Government services Minister Michael Eitan said Monday morning that he believes the Biometric Bill, if passed, presents a danger to the democratic regime and is an affront to the right of privacy for each citizen. Without privacy, he said, there is no "autonomy or respect" for the individual. Eitan made the comments in an interview with Israel Radio, ahead of the Knesset vote on the law.
According to Eitan, such a data pool is not needed to combat the problem of counterfeit national ID cards or passports. Such pools could be manipulated, he argued, adding that in a democracy the power of the state must have limits.
Generally, he said, government infringement on privacy "is done for a legitimate reason," and the biometric cards are not necessary for the police to do their jobs. Furthermore, such a system of information collection in a state tracking people would "change their behavior, and they would live in fearâ€¦ and suspicion."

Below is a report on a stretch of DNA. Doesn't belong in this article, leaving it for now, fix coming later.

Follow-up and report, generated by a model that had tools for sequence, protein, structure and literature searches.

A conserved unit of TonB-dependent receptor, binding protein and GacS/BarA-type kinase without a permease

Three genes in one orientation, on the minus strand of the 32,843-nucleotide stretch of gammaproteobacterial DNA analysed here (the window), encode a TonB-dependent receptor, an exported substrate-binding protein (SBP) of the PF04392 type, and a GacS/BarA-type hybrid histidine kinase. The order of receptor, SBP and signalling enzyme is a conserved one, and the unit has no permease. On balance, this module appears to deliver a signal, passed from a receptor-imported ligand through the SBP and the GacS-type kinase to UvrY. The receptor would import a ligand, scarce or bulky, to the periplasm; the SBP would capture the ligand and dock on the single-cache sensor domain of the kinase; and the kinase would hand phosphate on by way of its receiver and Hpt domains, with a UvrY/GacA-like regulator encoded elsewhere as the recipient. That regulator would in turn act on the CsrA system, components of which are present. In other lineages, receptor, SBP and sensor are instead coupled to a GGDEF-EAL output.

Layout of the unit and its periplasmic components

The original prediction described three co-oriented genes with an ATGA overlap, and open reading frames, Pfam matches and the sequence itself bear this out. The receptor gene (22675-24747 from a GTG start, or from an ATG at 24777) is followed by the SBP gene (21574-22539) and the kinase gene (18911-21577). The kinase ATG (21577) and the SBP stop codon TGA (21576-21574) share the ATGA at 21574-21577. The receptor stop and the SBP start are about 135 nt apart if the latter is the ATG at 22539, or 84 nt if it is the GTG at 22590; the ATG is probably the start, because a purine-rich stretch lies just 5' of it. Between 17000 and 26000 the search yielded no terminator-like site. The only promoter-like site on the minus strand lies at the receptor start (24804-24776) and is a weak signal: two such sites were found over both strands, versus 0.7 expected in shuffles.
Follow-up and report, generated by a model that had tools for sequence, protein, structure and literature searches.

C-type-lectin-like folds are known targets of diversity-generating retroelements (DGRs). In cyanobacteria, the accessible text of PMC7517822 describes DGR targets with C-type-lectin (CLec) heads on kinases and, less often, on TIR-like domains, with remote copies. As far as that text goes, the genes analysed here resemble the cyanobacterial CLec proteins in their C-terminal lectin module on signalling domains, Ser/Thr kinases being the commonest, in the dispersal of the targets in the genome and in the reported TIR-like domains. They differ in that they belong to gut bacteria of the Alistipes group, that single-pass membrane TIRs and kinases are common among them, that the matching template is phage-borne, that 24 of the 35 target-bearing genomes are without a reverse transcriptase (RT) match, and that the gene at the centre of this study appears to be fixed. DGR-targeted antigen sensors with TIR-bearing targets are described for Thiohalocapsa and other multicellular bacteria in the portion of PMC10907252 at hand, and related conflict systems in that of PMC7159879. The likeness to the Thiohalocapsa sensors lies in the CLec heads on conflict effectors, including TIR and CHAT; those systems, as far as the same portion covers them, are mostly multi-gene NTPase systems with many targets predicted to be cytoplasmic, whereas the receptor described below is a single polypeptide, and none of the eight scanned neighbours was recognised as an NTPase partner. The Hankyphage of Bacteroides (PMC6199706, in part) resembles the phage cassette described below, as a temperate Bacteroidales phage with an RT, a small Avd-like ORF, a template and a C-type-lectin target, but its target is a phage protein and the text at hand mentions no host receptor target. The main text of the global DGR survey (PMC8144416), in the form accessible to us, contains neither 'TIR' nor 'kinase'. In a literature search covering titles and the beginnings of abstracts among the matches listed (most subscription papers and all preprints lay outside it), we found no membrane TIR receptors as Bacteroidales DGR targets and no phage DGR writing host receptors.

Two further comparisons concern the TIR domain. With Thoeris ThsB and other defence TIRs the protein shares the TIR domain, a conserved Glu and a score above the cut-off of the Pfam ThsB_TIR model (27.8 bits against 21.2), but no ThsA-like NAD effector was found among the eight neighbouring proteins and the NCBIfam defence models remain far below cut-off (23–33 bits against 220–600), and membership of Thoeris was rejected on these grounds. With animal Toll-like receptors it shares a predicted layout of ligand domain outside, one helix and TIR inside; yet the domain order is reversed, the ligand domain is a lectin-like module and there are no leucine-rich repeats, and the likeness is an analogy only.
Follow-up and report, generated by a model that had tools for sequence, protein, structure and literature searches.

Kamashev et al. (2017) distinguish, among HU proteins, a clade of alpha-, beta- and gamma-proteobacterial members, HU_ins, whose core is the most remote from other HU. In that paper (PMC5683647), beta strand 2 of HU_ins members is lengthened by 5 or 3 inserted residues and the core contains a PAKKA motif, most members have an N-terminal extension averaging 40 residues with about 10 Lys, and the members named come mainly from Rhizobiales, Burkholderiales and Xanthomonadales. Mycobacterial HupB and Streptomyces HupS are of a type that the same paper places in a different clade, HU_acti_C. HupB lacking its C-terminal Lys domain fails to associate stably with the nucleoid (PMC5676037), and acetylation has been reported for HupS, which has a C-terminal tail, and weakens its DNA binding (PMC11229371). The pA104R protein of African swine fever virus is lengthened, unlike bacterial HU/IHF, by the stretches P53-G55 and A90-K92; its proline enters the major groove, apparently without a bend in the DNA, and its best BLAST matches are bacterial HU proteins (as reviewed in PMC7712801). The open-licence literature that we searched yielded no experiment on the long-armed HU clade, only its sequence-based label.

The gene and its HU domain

MK Aryeh Bibi (Kadima), in response to Eitan, told the radio station that the biometric database is needed to combat some 50,000 counterfeit national ID cards and 50,000 fake passports in existence. The police, airport and military all have information pools with data on two million people, he added.
The law-abiding citizen, Bibi said, has nothing to fear from the biometric cards. It is the criminal, illegal alien or citizen who transgresses the law, who need to worry about the biometric system. Privacy will be guarded and the system will be closed, he added.